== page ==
“We found systematic errors in the 1922 reading,” said Randy Cerveny, an ASU President’s Professor in the School of Geographical Sciences and Urban Planning. “This change to the record books required significant sleuthing and a lot of forensic records work,” added Cerveny, who also is the Rapporteur of Climate and Weather Extremes for the WMO, the person responsible for keeping worldwide weather records.

Officially, the “new” world record temperature extreme is 56.7 C (134 F), recorded on July 10, 1913, at Greenland Ranch in Death Valley, Calif.

“In the heart of every meteorologist and climatologist beats the soul of a detective,” said Cerveny. In this case the weather detectives had to work around an unfolding revolution in Libya.

Cerveny said the El Azizia temperature had long been thought as dubious. It was recorded in 1922 at what then was an Italian army base.

The international meteorological team – which included experts from Libya, Italy, Spain, Egypt, France, Morocco, Argentina, the United States and the United Kingdom – identified five major concerns with the El Azizia temperature record. They included the use of antiquated instrumentation, a likely inexperienced observer, an observation site which was not representative of the desert surroundings, poor matching of the extreme to other nearby locations and poor matching to subsequent temperatures recorded at the site.

The WMO evaluation committee concluded the most compelling scenario for the 1922 event was that a new and inexperienced observer, not trained in the use of an unsuitable replacement instrument that could be easily misread, improperly recorded the observation. The reading was consequently in error by about 7 degrees Celsius (12.6 F).

The detective work Cerveny describes included finding and examining the original log sheet, which he said was very useful. In reconstructing the events, Cerveny describes a person new to making temperature measurements being asked to make the measurements with a “Six-Bellini thermometer,” which even by 1922 standards was an obsolete piece of technology. By reviewing the logs, it became apparent that the person who recorded the temperature was transposing what he read from the thermometer, consistently scoring the readings in the wrong column of the log.

“One of the problems with a Six-Bellini thermometer is that the indicator – the pointer – to the temperature scale could conceivably be read at the top of the pointer or the bottom of the pointer,” Cerveny explained. “If an inexperienced observer used the top of the pointer rather than the bottom, he would have been as much as 7 C in error. ”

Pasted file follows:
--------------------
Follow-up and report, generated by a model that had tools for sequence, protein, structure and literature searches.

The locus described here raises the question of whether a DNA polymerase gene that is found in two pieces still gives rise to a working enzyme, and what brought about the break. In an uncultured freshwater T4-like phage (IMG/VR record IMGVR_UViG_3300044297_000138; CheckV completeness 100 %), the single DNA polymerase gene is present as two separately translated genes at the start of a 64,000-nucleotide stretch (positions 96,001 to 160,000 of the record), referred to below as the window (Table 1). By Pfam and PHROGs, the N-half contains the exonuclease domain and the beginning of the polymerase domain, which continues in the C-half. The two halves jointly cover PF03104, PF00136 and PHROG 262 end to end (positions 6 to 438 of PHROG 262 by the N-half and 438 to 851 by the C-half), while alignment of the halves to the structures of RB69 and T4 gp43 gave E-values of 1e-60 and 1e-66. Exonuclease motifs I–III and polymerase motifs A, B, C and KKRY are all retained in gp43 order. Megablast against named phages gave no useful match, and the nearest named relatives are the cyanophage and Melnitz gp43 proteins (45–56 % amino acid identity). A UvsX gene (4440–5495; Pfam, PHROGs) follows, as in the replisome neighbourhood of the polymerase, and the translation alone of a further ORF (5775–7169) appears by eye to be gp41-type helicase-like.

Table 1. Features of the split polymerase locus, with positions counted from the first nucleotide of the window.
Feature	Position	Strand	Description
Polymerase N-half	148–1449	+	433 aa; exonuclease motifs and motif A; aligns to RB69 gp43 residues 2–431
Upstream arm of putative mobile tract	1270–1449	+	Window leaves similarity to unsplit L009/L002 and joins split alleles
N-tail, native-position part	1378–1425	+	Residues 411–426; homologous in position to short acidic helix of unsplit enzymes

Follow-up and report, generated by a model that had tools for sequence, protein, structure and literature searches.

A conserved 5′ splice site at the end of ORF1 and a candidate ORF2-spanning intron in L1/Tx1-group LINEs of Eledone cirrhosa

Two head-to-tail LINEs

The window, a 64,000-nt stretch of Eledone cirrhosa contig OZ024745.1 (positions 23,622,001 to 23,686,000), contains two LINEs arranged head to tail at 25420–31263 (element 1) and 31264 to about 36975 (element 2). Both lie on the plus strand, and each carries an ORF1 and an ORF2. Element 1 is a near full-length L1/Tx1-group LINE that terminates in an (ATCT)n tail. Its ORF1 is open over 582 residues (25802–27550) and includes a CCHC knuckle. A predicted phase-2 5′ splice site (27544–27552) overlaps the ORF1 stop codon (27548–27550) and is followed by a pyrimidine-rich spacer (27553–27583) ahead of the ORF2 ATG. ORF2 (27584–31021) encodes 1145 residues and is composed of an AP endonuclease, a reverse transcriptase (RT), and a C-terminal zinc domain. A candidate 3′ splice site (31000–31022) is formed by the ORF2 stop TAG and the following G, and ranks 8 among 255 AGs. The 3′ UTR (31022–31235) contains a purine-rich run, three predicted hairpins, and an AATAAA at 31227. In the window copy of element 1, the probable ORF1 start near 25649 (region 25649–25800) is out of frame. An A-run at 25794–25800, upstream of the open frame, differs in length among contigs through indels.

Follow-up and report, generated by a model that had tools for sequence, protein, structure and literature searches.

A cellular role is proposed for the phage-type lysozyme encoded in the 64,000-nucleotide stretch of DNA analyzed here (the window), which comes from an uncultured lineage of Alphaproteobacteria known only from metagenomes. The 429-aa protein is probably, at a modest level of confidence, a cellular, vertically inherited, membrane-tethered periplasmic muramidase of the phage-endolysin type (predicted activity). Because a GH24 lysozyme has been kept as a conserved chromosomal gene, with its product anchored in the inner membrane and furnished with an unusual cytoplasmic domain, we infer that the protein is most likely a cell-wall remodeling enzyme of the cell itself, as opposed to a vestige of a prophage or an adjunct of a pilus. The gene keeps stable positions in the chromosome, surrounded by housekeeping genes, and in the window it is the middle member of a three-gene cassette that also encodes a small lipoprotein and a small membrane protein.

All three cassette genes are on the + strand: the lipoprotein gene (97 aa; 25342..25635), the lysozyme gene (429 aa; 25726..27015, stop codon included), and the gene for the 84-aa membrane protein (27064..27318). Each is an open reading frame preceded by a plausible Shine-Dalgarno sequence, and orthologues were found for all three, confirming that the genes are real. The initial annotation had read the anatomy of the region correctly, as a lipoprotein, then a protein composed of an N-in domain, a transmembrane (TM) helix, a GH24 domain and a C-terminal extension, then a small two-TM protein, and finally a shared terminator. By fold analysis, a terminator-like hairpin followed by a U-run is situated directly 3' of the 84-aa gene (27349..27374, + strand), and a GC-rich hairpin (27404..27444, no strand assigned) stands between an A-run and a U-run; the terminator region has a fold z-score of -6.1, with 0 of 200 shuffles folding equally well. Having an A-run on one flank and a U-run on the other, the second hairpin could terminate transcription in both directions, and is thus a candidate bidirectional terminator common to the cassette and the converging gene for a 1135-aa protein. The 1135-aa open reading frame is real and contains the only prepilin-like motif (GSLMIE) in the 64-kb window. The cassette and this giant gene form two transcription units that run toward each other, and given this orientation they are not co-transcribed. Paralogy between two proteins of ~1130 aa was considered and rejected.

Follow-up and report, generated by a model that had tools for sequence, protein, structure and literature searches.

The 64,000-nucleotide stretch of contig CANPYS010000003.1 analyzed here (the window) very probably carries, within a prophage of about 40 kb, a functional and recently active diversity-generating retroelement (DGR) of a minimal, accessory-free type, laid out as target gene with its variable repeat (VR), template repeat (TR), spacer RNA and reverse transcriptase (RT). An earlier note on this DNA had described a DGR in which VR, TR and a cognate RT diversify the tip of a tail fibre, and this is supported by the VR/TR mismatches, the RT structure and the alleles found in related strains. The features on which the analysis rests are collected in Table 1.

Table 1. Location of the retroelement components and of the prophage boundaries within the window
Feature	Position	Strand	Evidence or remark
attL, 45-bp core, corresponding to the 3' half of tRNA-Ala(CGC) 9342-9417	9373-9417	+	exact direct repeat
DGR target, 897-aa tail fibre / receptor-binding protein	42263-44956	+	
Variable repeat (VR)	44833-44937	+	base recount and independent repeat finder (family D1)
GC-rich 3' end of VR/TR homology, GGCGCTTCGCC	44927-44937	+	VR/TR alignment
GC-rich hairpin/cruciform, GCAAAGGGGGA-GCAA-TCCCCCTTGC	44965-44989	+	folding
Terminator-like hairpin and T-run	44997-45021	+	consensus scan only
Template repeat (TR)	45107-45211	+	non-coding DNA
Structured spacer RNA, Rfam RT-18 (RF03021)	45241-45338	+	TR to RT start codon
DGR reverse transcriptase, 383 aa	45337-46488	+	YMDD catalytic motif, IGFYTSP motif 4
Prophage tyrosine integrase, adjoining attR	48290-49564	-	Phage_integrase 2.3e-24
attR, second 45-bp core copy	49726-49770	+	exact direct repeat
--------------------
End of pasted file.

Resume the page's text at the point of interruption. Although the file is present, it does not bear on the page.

Other telling forensic information included the general location of where the measurement was made – El Azizia is roughly 35 miles southwest of Tripoli, which is on the Mediterranean coast – and the fact that the record temperature pretty much stood out among all of the other recorded values near the El Azizia location.  

“When we compared his observations to surrounding areas and to other measurements made before and after the 1922 reading, they simply didn’t match up,” Cerveny said.

Investigation during a revolution

The investigation was launched in 2010 and soon after the revolution in Libya started to form. The Libyan official on the team (Khalid El Fadli, director of the climate section of the Libyan National Meteorological Center) fell out of contact with the rest of the team for about eight months and the investigation went into a suspended state. Then El Fadli sent word that he was safe (although he and his family left Tripoli for a while to avoid being accidently shot in the turmoil) and he could resume his role in the investigation. But another three weeks passed before El Fadli was heard from again.

“Khalid El Fadli did this at great risk to himself,” Cerveny said. “He was an official of the previous regime, so when the revolution began to turn, his safety was a key concern.”

Fortunately, after the revolution, El Fadli could resume his duties as a lead meteorologist with the new government and the investigation started up again.

Beyond establishing bragging rights, Cerveny said the world record highest temperature does have some important uses.

“This is the highest recorded temperature of where people live, so this type of data can help cities that exist in such environments to design buildings that are best suited for these extremes,” he said. “Knowing the maximum temperatures certain materials must endure leads to better products and designs. That’s why many auto manufactures have test tracks in the hot Mohave desert.

Cerveny added that there also are important basic science implications in this finding.

“This investigation demonstrates that, because of continued improvements in meteorology and climatology, researchers can now reanalyze past weather records in much more detail and with greater precision than ever before,” Cerveny explained. “The end result is an even better set of data for analysis of important global and regional questions involving climate change.”

A full list of weather and climate extremes is available at the WMO Archive of Weather and Climate Extremes. This includes the world’s highest and lowest temperatures, rainfall, heaviest hailstone, longest dry period, maximum gust of wind, as well as hemispheric weather and climate extremes.

Director, Media Relations and Strategic Communications